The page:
Which Parent Pays for College After a Divorce?

Plans change when you go through a divorce. If you were attempting to plan for the college education of your children and then were served with divorce papers from your spouse, the course of action that you had selected for doing so probably was altered. This is not uncommon to go through because of a divorce. However, the nature of those changing plans when it comes to the life of your child moving forward can be a lot to take on. While you want to do whatever you can to ensure your child can attend a college or university there can be limitations on college savings when your household income is reduced as the result of a divorce. 

This situation gets many parents to think more about what it means to go through a divorce and save for college simultaneously. There is a range of considerations that you may need to make regarding doing so. An initial concern is that you may have been simply paying for the divorce in terms of court costs, filing fees, and hiring a divorce attorney. For many of us, these costs would greatly impede our ability to continue to save for college expenses throughout the case. A divorce can upend your household budget a significant amount. 

One of the impacts of a divorce that catch many people by surprise is that the divorce will reduce by some degree your household income. This could be through losing the income of your spouse, having to incur additional expenses to compensate for the lack of childcare/cleaning services provided by a spouse, or seeing a reduction in your work hours because of your needing to attend to matters related to your case. 

Depending upon the age of your child this pausing of the college savings contributions can be a big deal. For your older children, you may be trying to contribute to a 529 account or other tax beneficial account as much as you possibly can to make up for the lost time when it comes to saving for college. Every family reading this blog post is at a different point in their lives as far as the ages of children, proximity to college, goals for savings, and their income. You may even be working with a financial coach to help you identify appropriate goals for you and your family. 

Completing the Free Application for Federal Student Aid (FAFSA) is one of the first steps that many families take when it comes to beginning the process of exploring how to pay for college. Whichever parent, you, or your ex-spouse, who is named as the custodial parent in your divorce will be responsible for completing the FAFSA with your child. How can you say that you are the custodial parent of your child? Besides reviewing the language in your final decree of divorce (which is the best way to determine this) there are two good ways to make this determination: 1) it will be the parent with whom your child has been living for the most part over the prior year, and 2) if your child has been spending an equal amount of time both with you and your ex-spouse then the custodial parent is the one who pays child support.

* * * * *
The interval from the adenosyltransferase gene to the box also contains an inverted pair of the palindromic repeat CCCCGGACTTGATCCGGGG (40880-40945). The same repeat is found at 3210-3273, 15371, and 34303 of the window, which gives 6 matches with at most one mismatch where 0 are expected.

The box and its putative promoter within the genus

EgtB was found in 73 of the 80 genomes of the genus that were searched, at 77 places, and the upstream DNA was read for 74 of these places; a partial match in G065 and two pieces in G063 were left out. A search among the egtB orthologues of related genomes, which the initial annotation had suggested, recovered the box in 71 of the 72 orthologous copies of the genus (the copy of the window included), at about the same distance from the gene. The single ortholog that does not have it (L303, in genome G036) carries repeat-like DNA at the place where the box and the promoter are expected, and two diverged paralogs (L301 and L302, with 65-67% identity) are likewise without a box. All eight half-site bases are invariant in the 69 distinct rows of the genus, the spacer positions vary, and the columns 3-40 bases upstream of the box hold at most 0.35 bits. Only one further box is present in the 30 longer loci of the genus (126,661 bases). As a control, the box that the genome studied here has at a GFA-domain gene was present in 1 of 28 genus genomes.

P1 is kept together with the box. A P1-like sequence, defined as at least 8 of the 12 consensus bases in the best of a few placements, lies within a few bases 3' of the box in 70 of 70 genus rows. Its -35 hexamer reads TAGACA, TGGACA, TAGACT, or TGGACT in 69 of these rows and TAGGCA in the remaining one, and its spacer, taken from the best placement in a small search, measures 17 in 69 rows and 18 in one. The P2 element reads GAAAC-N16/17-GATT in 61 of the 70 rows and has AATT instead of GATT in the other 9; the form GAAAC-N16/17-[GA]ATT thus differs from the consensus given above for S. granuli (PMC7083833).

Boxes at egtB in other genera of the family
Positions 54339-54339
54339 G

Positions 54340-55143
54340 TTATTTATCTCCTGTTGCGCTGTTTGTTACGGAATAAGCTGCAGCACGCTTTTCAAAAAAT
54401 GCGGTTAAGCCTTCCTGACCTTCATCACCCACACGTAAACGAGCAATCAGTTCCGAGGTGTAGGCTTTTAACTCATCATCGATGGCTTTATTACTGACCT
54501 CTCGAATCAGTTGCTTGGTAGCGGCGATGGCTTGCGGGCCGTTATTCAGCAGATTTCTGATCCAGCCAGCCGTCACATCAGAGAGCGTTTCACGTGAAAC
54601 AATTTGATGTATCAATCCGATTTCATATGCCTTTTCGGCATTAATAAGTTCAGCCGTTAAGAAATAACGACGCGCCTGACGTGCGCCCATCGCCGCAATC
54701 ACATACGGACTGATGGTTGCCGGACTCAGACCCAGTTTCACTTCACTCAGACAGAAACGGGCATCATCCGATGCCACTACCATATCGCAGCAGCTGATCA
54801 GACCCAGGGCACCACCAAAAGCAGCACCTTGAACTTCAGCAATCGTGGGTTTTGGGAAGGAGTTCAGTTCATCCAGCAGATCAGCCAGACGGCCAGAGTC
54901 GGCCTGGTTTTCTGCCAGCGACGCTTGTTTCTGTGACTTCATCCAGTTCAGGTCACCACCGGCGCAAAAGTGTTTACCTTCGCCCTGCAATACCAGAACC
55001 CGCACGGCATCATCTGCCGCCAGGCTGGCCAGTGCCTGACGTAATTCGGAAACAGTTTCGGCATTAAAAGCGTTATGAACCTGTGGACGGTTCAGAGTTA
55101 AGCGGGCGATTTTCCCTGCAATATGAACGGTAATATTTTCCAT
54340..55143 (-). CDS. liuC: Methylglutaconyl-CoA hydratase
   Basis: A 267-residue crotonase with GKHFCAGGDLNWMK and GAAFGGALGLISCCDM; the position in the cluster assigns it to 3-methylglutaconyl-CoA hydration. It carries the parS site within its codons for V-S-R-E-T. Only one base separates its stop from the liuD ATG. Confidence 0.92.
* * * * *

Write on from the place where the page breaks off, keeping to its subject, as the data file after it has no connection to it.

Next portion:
A key point to this discussion is whether a 529 account is being maintained and contributed to on behalf of your child. A 529 is a tax-free method of saving for college, high school, or even primary school. The State of Texas offers 529 accounts which allow you to select from a limited range of investment types based on your risk tolerance, personal financial situation, savings goals, and the age of your child. 

If you have a 529 in your child’s name and are the custodial parent, then you must declare this savings on the FAFSA paperwork. This will impact the availability of financial aid being offered to your child. However, if you are the noncustodial parent of your child and have a 529 then you do not need to disclose the 529 accounts on the FAFSA application. Need-based financial support will not be extended to your child as fully, however, in either situation. These would be Pell Grants and other need-based financial assistance that would otherwise be offered to your child based on your income, assets, and other criteria. 

A real-world example of how college savings may work in a post-divorce situation

Let’s suppose that your child has a 529 account with $40,000 saved within it. That $40,000 was completely spent during the first two years of your child’s four-year degree program. If you all would need to re-apply for financial aid through the FAFSA system, then the availability of potential aid. You can talk with your experienced family law attorney to determine what is best for your family as far as which parent owns the 529 plan. You can contact the administrator for the 529 to determine how to transfer ownership of the plan if that is something that you and your ex-spouse or spouse are interested in. 

Protecting money going to a college fund